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Advert blocking software is thought to be used by something in the region of just five per cent of online users, or 150 million people of you prefer. It is, however, on the up; research conducted by Adobe and anti-adblocking campaigners PageFair suggests that ad blocking use rose by 70 per cent last year. Of the various options out there, Adblock Plus is one of the best known and most used. Which is why the company behind it, Eyeo GmbH, recently found itself on the sharp end of a court case in Germany seeking an injunction to prevent it from selling the software in that country.

A handful of publishers, including the Zeit Online newspaper, had asked the Hamburg Regional Court to rule that Adblock Plus was illegal because it interfered with the ad-based business model that those publishers rely upon. At the heart of this complaint was the Acceptable Ads mechanism which allows some adverts to be white-listed and so not get blocked, these have to meet certain non-intrusive criteria but also some large companies such as Amazon, Google and Microsoft pay for their ads to be white listed.

Adblock Plus users can disable this 'feature' easily enough: right click on the browser extension icon, select options, uncheck the box that says 'allow some non-intrusive advertising.' Anyway, the publishers effectively argued that this system was discriminatory and the software anti-competitive and even that it interferes with the freedom of the press.

As expected by most watchers of such things, the Regional Court kicked this case to the kerb and concluded that Adblock Plus is legal. It's not the first time that Adblock has been taken to court in Germany with no success, and I suspect it will not be the last as a number of other German media companies are waiting in the wings with lawsuits.

The company behind Adblock Plus, Eyeo, is understandably rather happy with the court decision and said in an official statement: "This is a victory for every single Internet user because it confirms each individual’s right to block annoying ads, protect their privacy and, by extension, determine his or her own Internet experience. It is living proof of the unalienable right of every user to enjoy online self-determination. Adblock Plus will continue to provide users with a tool that helps them control their Internet experience. At the same time we will endeavor to work with publishers, advertisers and content creators to encourage nonintrusive ads, discover new ways to make ads better and push forward to a more sustainable Internet ecosystem."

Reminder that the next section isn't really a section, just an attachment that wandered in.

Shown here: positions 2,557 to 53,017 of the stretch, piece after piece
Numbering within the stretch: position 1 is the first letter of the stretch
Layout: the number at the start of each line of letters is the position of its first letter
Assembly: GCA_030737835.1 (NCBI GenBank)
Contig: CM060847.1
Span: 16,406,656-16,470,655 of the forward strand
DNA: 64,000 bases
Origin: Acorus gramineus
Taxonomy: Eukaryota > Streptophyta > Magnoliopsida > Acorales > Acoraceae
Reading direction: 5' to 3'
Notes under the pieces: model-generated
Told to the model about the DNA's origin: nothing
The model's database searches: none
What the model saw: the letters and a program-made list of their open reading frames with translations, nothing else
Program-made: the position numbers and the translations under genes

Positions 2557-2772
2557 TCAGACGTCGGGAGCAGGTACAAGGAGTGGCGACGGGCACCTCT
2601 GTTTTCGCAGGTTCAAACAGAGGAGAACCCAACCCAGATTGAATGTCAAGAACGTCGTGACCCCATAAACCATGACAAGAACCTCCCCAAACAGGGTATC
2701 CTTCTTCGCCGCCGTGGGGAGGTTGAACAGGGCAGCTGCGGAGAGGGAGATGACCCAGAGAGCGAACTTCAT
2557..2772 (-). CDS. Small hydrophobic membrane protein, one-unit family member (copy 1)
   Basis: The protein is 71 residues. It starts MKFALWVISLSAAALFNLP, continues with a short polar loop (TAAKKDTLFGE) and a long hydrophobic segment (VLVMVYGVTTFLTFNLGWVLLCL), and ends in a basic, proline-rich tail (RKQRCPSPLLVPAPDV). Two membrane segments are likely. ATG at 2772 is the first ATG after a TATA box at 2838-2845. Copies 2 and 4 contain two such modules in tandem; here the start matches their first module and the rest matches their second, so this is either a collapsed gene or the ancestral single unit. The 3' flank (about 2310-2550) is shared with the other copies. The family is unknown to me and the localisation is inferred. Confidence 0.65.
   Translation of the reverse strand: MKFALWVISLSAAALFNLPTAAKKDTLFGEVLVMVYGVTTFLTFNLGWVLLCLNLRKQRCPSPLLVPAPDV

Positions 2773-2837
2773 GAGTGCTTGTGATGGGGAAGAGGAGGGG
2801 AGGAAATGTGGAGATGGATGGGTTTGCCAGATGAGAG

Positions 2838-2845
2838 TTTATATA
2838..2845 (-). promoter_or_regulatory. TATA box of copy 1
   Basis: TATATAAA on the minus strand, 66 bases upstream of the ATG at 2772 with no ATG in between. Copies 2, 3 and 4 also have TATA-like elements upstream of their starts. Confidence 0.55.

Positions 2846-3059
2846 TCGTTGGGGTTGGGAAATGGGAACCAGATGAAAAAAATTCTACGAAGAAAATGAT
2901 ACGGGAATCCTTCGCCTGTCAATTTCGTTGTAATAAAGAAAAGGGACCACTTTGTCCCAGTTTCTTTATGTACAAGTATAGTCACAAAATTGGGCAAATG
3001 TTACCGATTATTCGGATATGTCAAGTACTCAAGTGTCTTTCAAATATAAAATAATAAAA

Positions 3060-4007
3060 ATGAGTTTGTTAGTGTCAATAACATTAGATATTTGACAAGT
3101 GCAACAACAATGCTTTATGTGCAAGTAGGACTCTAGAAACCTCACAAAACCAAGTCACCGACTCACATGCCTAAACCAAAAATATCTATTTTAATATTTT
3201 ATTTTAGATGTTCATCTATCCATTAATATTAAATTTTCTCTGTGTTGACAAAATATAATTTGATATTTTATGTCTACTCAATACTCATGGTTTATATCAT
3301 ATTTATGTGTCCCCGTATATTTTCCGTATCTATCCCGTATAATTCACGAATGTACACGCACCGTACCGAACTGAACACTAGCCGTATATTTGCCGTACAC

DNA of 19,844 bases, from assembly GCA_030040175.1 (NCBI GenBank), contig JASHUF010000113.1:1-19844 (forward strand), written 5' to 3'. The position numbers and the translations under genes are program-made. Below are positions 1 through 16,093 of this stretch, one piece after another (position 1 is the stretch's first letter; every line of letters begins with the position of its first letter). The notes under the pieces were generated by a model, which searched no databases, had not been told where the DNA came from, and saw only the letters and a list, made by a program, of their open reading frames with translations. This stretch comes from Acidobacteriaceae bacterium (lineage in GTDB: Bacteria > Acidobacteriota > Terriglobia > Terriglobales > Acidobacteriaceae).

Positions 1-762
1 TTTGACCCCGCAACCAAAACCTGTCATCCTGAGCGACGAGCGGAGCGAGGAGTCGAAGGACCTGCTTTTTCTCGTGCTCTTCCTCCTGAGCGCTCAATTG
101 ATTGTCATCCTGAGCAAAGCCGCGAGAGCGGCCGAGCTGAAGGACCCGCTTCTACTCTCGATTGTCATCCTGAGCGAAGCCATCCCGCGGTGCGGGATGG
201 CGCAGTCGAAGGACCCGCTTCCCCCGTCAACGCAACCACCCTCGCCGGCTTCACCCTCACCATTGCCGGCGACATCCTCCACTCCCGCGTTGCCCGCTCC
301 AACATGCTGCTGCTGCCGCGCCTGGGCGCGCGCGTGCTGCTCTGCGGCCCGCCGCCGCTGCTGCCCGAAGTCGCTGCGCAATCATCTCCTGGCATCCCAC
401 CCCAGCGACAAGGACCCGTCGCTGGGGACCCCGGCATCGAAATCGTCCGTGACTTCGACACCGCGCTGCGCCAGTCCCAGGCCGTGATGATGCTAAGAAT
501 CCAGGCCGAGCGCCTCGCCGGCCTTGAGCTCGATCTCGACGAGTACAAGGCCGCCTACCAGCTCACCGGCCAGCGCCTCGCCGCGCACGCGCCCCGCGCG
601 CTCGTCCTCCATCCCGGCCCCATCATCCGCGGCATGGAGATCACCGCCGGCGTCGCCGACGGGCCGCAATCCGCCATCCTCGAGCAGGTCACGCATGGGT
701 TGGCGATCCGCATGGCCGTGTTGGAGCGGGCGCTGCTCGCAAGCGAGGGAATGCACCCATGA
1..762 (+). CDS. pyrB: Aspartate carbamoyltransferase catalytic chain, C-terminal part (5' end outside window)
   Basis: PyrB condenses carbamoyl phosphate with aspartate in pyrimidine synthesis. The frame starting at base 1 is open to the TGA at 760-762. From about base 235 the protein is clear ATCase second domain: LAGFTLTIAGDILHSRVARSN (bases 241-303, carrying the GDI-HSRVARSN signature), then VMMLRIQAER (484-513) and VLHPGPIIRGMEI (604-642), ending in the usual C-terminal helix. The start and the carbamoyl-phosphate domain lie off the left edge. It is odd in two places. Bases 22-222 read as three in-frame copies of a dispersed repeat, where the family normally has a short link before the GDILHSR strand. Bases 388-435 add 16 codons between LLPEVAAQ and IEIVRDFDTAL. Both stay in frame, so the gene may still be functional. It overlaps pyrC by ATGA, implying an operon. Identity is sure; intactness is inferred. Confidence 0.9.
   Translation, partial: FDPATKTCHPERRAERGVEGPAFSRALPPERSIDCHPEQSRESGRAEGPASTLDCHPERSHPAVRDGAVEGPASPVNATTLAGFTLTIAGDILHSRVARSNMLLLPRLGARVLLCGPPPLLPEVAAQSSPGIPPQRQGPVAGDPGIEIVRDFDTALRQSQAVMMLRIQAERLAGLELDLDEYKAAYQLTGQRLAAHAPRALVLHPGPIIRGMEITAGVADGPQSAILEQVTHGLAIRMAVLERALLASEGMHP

If, and I have no doubt that it is true, adblocking software has a negative impact on publisher revenues then maybe that revenue model is broken and needs fixing. Attacking the blocker companies is just a distraction from that inevitable business requirement. What do you think? Is the advertising revenue model a dead duck, or just one that needs pointing in a new direction? Are the adblockers a symptom or the cause? How are you generating revenue within a free Internet content model?

As Editorial Director and Managing Analyst with IT Security Thing I am putting more than two decades of consulting experience into providing opinionated insight regarding the security threat landscape for IT security professionals. As an Editorial Fellow with Dennis Publishing, I bring more than two decades of writing experience across the technology industry into publications such as Alphr, IT Pro and (in good old fashioned print) PC Pro. I also write for SC Magazine UK and Infosecurity, as well as The Times and Sunday Times newspapers. Along the way I have been honoured with a Technology Journalist of the Year award, and three Information Security Journalist of the Year awards. Most humbling, though, was the Enigma Award for 'lifetime contribution to IT security journalism' bestowed on me in 2011.

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